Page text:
Mice were co-housed in specific pathogen-free (SPF) facilities where temperature was controlled between 22 and 25 °C, humidity was maintained between 40 and 70%, and artificial lighting was maintained for 12 h per day. 2 × 105 of either MC38blank or MC38tghGDF-15 colon cancer cells in PBS were subcutaneously inoculated in the right flank of 7-week-old female C57BL/6NCrl (#027) or NCIath/nu (#490) mice (Charles River). For orthotopic inoculation with Panc02 cells, all mice received pre-, peri- and post-operative analgesia. For inoculation into the head of the pancreas (approved by the governmental review board of the State of Bayern, Regierung von Unterfranken, under the authorization number 55.2.2-2532-410), the lateral side of anesthetized male albino C57Bl/6J mice (B6(C)Rj-Tyr c–c, Janvier Laboratories, Saint Berthevin, France, #SC-C57AL-M) was opened with a surgical incision. Spleen and pancreas were externalized. Using a 100 µl syringe (710 RN 100 ml, Gauge 28, 10 mm, Point Style 4 needle, Hamilton), 1 × 104 tumor cells were then injected in 30 µl PBS. Afterwards the wound was closed with 6–0 coated Vicryl Polyglactin BV-1 (Ethicon). Inoculation of Panc02 into the tail of the pancreas was performed by Crown Bio. 1 × 106 Panc02-Luc cells in 20 µl growth-factor reduced Matrigel were orthotopically injected in anesthetized 8–9 weeks old female C57BL/6 albino (C57BL/6BrdCrHsd-Tyrc) (Envigo, Venray, Netherlands, #103) as follows: A traverse incision was made over the spleen. Then an incision was made in the underlying abdominal muscle. The spleen was gently removed from the abdominal cavity and secured along a second saline-wetted cotton bud to expose the underlying pancreas. The tail of the pancreas was located adjacent to the spleen. Using a 29G insulin syringe, 20 μL of the Matrigel-cell suspension was injected into the pancreas. Following injection, the syringe was held in the pancreas for ~30–60 s until the Matrigel had solidified. The site of injection was inspected to ensure no leakage had occurred. The spleen and pancreas were carefully returned to the abdominal cavity. The abdomen and the skin were then be closed using a suture line followed by application of clips. To induce breast tumors (as approved by the governmental review board of the State of Bayern, Regierung von Unterfranken, under the authorization number 55.2.2-2532-1242-12), 2 × 105 EMT6 murine breast cancer cells were orthotopically injected into the fourth mammary fat pad of female 7 to 10-week-old BALB/c inbred (BALB/cOlaHsd, Envigo, #16204F) mice. Animals were excluded if tumors failed to form or if health concerns were reported. Humane end points that prompted termination of an experiment were defined by absolute termination criteria that included weight loss >20% in all models, palpable tumor volume >2000 mm3 in NCInu/nu-mice with sub-cutaneous MC38 tumors, >1500 mm3 in C57Bl/6j-mice with sub-cutaneous MC38 tumors, >520 mm3 in BALB/c-mice with orthotopic EMT6 tumors, and a bioluminescent tumor signal >109 photons/s in SC-C57AL-M mice inoculated with Panc02-luc cells. Further, behavior, posture, respiration, activity, mobility, coordination, condition of body, fur, eye lids, retina, and signs for pain were used to derive a composite score that indicated when an animal had to be euthanized. For euthanasia, cervical dislocation or CO2 asphyxiation were deemed acceptable.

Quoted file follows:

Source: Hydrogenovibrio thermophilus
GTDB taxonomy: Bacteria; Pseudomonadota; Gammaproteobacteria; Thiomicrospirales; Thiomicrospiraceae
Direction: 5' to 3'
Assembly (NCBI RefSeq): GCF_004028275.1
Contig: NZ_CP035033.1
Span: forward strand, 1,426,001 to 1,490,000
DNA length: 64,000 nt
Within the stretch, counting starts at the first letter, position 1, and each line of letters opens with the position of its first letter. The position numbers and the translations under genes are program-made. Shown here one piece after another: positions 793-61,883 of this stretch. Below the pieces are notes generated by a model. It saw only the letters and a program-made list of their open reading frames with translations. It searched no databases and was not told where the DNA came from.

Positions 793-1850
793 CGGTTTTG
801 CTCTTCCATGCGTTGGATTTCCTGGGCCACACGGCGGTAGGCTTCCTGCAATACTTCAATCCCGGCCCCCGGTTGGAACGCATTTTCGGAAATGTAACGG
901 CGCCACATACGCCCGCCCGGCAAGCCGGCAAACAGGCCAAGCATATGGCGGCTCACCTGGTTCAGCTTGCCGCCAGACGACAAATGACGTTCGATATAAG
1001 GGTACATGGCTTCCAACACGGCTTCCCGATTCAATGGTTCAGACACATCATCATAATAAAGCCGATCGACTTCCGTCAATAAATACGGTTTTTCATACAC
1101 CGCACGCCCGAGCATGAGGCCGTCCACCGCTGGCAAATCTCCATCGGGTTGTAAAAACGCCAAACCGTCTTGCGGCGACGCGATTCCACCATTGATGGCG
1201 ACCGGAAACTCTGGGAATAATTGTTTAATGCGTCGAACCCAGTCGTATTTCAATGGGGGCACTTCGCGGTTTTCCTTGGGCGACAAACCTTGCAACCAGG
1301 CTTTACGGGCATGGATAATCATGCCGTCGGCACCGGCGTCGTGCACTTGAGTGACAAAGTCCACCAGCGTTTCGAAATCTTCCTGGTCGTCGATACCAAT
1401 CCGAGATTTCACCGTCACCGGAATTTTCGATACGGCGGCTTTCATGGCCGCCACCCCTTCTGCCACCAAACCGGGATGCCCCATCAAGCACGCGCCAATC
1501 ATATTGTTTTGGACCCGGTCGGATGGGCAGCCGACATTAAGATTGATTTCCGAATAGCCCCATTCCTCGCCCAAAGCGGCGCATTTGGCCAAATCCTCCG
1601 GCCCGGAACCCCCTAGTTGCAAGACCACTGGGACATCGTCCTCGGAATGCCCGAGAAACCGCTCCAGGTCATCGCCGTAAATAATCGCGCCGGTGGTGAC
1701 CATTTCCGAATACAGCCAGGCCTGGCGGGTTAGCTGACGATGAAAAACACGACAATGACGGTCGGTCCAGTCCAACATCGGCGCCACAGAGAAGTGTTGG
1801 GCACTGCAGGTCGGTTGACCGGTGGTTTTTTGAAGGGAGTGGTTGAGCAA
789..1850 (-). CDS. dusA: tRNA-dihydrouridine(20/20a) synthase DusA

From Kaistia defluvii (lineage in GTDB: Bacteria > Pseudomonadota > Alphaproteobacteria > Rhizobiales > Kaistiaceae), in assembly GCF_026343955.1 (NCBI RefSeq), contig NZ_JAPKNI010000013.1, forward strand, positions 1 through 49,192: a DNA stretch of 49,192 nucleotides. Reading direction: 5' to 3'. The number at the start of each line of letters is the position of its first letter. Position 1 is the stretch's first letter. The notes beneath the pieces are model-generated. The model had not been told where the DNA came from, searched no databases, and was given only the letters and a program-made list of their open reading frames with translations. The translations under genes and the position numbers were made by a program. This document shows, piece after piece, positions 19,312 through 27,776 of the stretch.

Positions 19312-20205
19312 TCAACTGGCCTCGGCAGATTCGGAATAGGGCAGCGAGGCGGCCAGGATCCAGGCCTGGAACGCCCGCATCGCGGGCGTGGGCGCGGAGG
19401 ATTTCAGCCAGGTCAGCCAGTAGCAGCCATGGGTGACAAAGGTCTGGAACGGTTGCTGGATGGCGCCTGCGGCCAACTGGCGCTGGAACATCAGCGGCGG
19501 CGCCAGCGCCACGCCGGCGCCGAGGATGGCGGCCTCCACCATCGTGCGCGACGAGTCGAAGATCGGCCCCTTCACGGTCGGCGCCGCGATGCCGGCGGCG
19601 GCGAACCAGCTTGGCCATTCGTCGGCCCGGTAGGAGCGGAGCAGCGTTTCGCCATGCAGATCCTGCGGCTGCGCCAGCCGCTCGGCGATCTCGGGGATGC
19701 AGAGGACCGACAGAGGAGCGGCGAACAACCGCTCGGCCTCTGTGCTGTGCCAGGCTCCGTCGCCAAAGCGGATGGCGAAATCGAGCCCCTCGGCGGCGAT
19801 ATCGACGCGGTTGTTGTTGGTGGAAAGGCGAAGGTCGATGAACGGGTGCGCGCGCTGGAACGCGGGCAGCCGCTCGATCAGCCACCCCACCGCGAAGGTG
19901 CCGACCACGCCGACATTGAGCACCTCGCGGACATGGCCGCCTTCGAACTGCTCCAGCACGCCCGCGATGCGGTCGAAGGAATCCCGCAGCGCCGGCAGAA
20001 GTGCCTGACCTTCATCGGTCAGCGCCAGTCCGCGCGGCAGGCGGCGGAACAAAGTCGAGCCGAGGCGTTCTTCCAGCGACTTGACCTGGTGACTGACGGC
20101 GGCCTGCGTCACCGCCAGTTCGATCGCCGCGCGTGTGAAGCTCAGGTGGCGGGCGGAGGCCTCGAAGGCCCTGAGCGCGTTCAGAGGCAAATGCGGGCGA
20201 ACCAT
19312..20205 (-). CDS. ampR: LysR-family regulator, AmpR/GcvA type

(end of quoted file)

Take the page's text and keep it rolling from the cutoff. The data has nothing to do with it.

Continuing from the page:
Bioluminescence imaging

In vivo tumor growth was monitored at least weekly from day 5 after tumor inoculation by bioluminescence imaging for all groups. D-luciferin (300 mg/kg) was injected i.p. and anesthesia was induced with 1-2% isoflurane. After 10 min the animals were imaged with an IVIS Spectrum (Perkin-Elmer) or Spectrum BL and imaged for luminescence in left lateral and ventral view. Imaging data were analyzed with Living Image software (Caliper LS, US).

Anti-GDF-15 and anti-PD-1/anti-GDF-15 combination treatment of tumor-bearing mice

In the sub-cutaneous MC38 model, intraperitoneal treatment with anti-GDF-15 antibody (20 mg/kg), anti-PD-1 antibody (clone Rmp1-14, used at 5 mg/kg), isotype control antibody (either IgG1κ MOPC-21, BioLegend, or mIG2a B12 anti-HIV, Evitria, Schlieren, Switzerland, as appropriate) or vehicle was applied twice weekly from day 3 after tumor inoculation. Tumors were measured with a caliper twice weekly for the duration of the study. Individual body weight loss ≥30% for one measurement, or ≥25% for three measurements was defined as exclusion criterion. In the orthotopic Panc02 model, animals were randomized on day 5 based on their bioluminescence image signal intensity (and hence tumor load) into the different treatment groups (n = 12 per group at randomization, n = 10–12 per group at final evaluation). Starting from day 5, animals were treated intraperitoneally (i.p.) with either 10 mg/kg isotype control antibody (clone MOPC-21; Biolegend), anti-murine GDF-15 (0297.mIgG1), anti-murine-PD-1 (RMP1-14.mIgG1) or a combination of anti-murine GDF-15 and anti-murine PD-1 antibody. Antibody treatment was given biweekly until day 27 or, respectively, day 34 for a total of 8–9 treatments. On day 29 or, respectively, 35 all animals were finally monitored with bioluminescence imaging and euthanized. The Tumor Burden Change was calculated as (Photon flux on d35-d5)/(Photon flux on d5). Mice with EMT6 tumors were injected i.p. with 10 mg/kg anti mGDF15 antibody (0297.mIgG1) or isotype control IgG1 (MOPC-21) on day 6, 9 and 12 after tumor cell implantation. Tumor size was monitored by caliper measurement. Tumor volume was calculated based on the ellipsoid formula: π/6 × (length × width2). Tumor weight was determined after tumors had been explanted.

Analysis of tumor-infiltrating T cells by flow cytometry